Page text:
By Rachel Feltman

As many listeners have probably heard before, I have myalgic encephalomyelitis (AKA chronic fatigue syndrome or ME/CFS for short) likely in large part due to that time I got COVID three times in five months back in 2022. (0/10, do not recommend.) 

ME/CFS in itself isn’t actually new. The World Health Organization first recognized something like it in 1969. And more importantly, there’s even a Golden Girls episode about it. But it’s been largely misunderstood and ignored for most of that time.

In 1970, two British psychiatrists looked at case notes from 15 outbreaks of ME and concluded that it was caused by mass hysteria. They based this conclusion on the fact that many of the patients had had normal physical test results—and that the illness was more common in women. While other researchers immediately disagreed with them, their work and the lack of clear cause for the disease meant that a lot of doctors were comfortable shrugging it off as totally psychosomatic. The media even started calling it the “yuppie flu,” suggesting it was some kind of burnout only experienced by privileged people. 

Fast forward to today, and doctors are seeing a lot of overlap and intersection between ME/CFS and Long COVID, which is an umbrella term for symptoms that persist long after an initial infection with COVID-19. About half of people diagnosed with Long COVID have symptom profiles that also fit ME/CFS. The one upside to this is that it means there’s been a new surge in research on chronic fatigue as an actual, physical condition.

One recent study in particular has patients and clinicians really excited, because it shows physical evidence of—and a possible mechanism for—one of the most common and debilitating symptoms of ME/CFS. 

“Post-exertional malaise” is the phenomenon of worsening symptoms some 24-48 hours after physical exertion. I can say from experience that those symptoms aren’t limited to fatigue or muscle pain; I’ve had PEM flare ups that include gastrointestinal symptoms, migraines, severe brain fog and more.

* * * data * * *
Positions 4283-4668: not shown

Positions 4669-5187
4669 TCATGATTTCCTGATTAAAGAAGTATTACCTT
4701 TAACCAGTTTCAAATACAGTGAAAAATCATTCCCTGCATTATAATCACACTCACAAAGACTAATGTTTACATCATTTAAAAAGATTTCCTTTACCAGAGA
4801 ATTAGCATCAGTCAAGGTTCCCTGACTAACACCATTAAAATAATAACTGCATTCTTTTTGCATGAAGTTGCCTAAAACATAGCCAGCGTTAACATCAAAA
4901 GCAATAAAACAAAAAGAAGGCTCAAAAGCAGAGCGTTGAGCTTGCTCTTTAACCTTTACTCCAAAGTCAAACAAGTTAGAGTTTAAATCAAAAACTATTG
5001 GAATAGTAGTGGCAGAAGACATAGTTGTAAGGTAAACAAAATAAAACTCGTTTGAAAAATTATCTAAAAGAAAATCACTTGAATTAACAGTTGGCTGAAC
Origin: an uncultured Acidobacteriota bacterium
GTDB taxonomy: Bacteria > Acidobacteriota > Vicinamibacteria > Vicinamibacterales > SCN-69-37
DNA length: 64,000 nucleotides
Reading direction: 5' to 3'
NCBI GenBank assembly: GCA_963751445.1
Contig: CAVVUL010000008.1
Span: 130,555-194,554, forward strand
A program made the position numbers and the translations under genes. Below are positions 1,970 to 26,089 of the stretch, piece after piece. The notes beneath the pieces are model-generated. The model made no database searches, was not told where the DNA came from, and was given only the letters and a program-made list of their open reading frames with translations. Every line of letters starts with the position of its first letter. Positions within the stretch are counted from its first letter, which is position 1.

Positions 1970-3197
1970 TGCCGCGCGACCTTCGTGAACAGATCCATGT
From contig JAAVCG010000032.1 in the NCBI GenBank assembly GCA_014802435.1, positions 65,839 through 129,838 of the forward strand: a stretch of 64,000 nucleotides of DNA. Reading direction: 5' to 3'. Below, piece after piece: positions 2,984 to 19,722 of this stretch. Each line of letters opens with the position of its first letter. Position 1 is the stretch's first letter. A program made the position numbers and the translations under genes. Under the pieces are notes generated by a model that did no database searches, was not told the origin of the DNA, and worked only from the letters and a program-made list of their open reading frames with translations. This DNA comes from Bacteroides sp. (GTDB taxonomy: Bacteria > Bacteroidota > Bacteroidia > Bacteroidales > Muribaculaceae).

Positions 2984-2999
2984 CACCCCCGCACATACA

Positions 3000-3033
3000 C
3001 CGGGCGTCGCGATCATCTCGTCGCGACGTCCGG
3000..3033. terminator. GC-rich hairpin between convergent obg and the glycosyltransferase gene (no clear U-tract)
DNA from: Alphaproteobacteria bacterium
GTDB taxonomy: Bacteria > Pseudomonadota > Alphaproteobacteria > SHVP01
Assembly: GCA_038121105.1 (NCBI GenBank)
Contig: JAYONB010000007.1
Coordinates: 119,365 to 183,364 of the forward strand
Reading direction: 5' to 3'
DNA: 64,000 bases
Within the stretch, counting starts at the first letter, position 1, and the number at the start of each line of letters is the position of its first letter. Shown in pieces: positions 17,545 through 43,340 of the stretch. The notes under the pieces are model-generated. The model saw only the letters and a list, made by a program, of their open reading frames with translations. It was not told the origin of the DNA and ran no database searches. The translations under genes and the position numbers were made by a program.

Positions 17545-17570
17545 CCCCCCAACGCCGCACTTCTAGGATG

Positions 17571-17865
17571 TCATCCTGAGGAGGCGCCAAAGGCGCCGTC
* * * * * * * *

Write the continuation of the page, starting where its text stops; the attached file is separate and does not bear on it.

According to a new study, the muscle fibers of ME/CFS patients may literally be starved for energy after physical activity. 

Researchers in The Netherlands took muscle biopsies and blood samples from two sets of subjects: 25 of them had long COVID that they’d developed after mild cases of the virus, and had been relatively healthy before that happened. The control group were people who had recovered fully from bouts of COVID-19 and had no lingering symptoms. 

The subjects worked out on exercise bikes for about 15 minutes, starting slowly and gradually increasing their intensity. The researchers took blood and muscle samples one week before the test and one day after. People with Long COVID had less muscle strength and lower oxygen uptake, even when they put in the same amount of effort—and had similar heart and lung function. There were also signs that their mitochondria were compromised. Mitochondria provide cellular energy, so if they’re not working properly, tissues can’t get the juice they need to function. Long COVID patients also had more severe muscle damage after their workouts, and had signs of abnormal immune system activity in their muscle fibers. 

While this study doesn’t go as far as suggesting a treatment for chronic fatigue, it gives researchers important clues to look into. It’s also an important reminder for patients to listen to their bodies, as conditions like Long COVID can get worse with exertion—even if it’s supposedly mild